Notebook: Releford off to a promising start

HOOVER _ University of Alabama junior power forward JaMychal Green has already seen enough of one new teammate to know that he's going to make an immediate impact.
"Yeah, Trevor Releford," Green said. "Once he gets a better feel for it, I think he's going to be a great player."
The freshman was a four-star player out of Bishop Miege, Kan., and rated the 10th-overall point guard in the nation.
"He's going a very good job," Coach Anthony Grant said at SEC Media Day at the Wynfrey Hotel. "I'm really impressed with his work-ethic. He's got a great presence and maturity about him for a freshman. He's been able to handle everything that's been thrown at him."
His biggest adjustment, in addition to the collegiate lifestyle, may be Alabama's up-tempo game as Releford played a different style in high school. So far he seems to be adjusting well.
"We talked during the recruiting process about the ability to play fast," Grant said. "He didn't understand fast. But I think he's getting it.
Mitchell progressing
The Crimson Tide's most improved player may be 6-foot-6 sophomore forward Tony Mitchell.
"Tony was one of the guys selected to the all-freshman team in our conference, and if you look at the quality of freshman we had in the league last year that's a pretty big honor," Grant said "I think Tony is a guy who affects the game in a lot of different ways. I think he's definitely going to benefit from the experience he got last year."
Mitchell averaged 9.2 point and 5.9 rebounds as a freshman, but endured numerous bumps and bruises while playing near 185 pounds and also went through a bout with mononucleosis. After hitting the weight room during the offseason he's now at 210, and has also been working hard on his jump shot.
"I think he's playing with a different level of confidence and understanding," Grant said.
Women's team on rise
The Alabama women's basketball team believes it's turned a corner and was picked ninth in the recent preseason media poll.
"Preseason picks don't really mean anything, Kentucky was picked 11th last year in the conference and looked where they ended up," Coach Wendell Hudson said. "But I do think it's good to not be picked 12th for I don't know how many years in a row. That's exciting that maybe people are realizing than maybe Alabama is recruiting the right kind of players and can be competitive in the SEC.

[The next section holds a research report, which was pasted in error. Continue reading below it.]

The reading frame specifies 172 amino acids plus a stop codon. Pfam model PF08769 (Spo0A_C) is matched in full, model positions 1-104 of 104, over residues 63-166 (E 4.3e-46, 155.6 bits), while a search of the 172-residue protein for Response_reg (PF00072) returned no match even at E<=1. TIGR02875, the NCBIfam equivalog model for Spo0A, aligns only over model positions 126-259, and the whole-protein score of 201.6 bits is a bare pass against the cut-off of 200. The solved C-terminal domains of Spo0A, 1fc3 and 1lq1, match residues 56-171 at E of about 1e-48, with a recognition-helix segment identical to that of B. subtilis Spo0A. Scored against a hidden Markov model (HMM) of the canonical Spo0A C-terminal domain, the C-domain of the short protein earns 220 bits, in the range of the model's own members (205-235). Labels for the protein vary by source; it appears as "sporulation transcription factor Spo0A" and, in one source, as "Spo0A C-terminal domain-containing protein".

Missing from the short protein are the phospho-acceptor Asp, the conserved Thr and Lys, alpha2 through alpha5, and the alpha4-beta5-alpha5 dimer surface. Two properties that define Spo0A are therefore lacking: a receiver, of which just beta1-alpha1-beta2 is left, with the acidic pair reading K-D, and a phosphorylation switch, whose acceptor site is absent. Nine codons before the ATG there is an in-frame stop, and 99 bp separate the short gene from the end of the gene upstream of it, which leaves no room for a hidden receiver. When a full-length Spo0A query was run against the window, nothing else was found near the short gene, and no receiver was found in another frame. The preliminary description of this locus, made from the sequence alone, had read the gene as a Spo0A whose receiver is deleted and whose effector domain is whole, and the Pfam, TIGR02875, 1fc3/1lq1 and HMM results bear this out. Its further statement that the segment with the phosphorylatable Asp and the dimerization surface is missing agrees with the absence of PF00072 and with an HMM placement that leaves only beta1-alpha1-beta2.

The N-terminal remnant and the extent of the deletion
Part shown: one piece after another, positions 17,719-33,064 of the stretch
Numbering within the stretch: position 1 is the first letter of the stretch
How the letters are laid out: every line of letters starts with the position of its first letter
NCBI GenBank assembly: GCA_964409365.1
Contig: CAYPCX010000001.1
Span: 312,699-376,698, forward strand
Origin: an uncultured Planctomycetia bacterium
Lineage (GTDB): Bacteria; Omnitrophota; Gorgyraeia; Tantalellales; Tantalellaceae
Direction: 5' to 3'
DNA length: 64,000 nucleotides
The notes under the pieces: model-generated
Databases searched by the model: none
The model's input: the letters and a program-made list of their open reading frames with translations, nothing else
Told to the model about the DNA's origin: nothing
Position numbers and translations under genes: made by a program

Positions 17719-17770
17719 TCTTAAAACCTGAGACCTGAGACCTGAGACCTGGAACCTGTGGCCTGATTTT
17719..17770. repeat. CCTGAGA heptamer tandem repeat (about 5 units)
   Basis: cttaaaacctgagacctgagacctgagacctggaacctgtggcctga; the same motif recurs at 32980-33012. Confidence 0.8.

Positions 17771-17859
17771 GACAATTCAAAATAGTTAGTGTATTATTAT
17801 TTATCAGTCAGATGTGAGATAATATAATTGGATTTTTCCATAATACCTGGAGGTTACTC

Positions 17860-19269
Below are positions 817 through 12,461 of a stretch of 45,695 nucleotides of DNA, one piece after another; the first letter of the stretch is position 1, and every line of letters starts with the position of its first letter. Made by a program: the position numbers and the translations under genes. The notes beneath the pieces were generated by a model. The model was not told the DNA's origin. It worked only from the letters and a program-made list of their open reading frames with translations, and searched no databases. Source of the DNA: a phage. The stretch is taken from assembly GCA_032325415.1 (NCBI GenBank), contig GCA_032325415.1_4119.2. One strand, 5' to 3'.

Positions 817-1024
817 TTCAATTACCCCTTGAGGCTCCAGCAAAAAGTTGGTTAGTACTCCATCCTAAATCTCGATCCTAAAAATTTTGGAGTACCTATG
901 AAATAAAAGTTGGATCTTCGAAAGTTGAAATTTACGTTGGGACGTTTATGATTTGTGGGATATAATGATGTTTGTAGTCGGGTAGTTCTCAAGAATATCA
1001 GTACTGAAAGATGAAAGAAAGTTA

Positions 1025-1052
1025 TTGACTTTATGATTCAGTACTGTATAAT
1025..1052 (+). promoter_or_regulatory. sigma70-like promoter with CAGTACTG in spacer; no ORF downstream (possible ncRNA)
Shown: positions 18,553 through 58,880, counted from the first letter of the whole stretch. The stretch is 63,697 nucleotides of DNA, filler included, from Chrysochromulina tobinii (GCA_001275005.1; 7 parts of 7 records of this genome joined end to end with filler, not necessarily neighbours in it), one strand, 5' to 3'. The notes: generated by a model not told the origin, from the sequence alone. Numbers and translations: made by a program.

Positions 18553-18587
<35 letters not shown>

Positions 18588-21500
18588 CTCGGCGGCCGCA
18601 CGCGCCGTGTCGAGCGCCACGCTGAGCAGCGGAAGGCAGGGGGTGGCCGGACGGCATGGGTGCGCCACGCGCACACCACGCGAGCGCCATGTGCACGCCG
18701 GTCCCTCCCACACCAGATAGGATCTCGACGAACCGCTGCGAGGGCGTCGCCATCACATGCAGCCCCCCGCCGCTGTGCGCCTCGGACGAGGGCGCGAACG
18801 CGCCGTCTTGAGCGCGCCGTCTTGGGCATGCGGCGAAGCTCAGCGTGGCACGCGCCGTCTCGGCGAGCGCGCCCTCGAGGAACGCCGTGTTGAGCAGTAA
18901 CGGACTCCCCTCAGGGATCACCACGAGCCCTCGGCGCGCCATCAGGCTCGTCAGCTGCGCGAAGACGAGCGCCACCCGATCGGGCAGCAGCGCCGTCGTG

"Defensively, I think we're going to be tougher. We're going to get after people in a different way than we have in the past. We think we have the personnel to be competitive now and make it a four-court basketball game."
In addition to returning four starters, the Crimson Tide added six players thanks to a high-profile recruiting class. The increased competition for playing time has resulted into more intense practices and even caused a few skirmishes.
"Families fight too," senior forward Tierney Jenkins said.
Foster delays continue
The $16.5 million renovation of Foster Renovation won't be completed in time for the start of the women's basketball season as hoped. But Hudson is looking forward to playing in the intimate venue (3,000-plus) when it is finished.
"I hope every team coming in to play hates Foster Auditorium because of that setting," Hudson said. "It's going to be a state-of-the-art facility."
Grant has been practicing freshman center Carl Engstrom against Green, both to have Green work against a 7-foot-1 player but accelerate the Swede's learning curve.
Jenkins puts up photos of opponents on her mirror at home to inspire her, but it was just one person this past summer. "If I tell you which school you'll know exactly who it is," she said.
Freshman forward Kaneisha Horn, who was one of the top recruits in the nation, is already turning heads. "She's can score, she's tough, mentally tough, physically tough, she can finish well and is a really good player," Jenkins said. "She could be the SEC Freshman Player of the Year. I think she'll make an immediate impact."
Sophomore guard Celiscia Farmer is still recovering from two offseason surgical procedures, for a sports hernia and her hip.
Teammates say that redshirt sophomore guard Andrew Steele, who missed all but six games last season due to a stress fracture in his ankle, is moving well during practices. The roster lists him at 6-foot-4, 230 pounds.
Hudson likes what he sees from Jenkins so far during practices, which is very different from what he's said in the past. "She's been as good as we hoped she would be. She's a senior. She's taken some ownership in the basketball program."
The women's team has gone from zero true point guards when Hudson took over to two with the addition of freshman Khristen Lee. She's backing up senior LaToya King, a junior-college last year.
Senior guard Senario Hillman last week on Grant: "He's all about winning and he wants everyone on the team to be successful. That's what I like about him. Everyone has to work hard for their spots."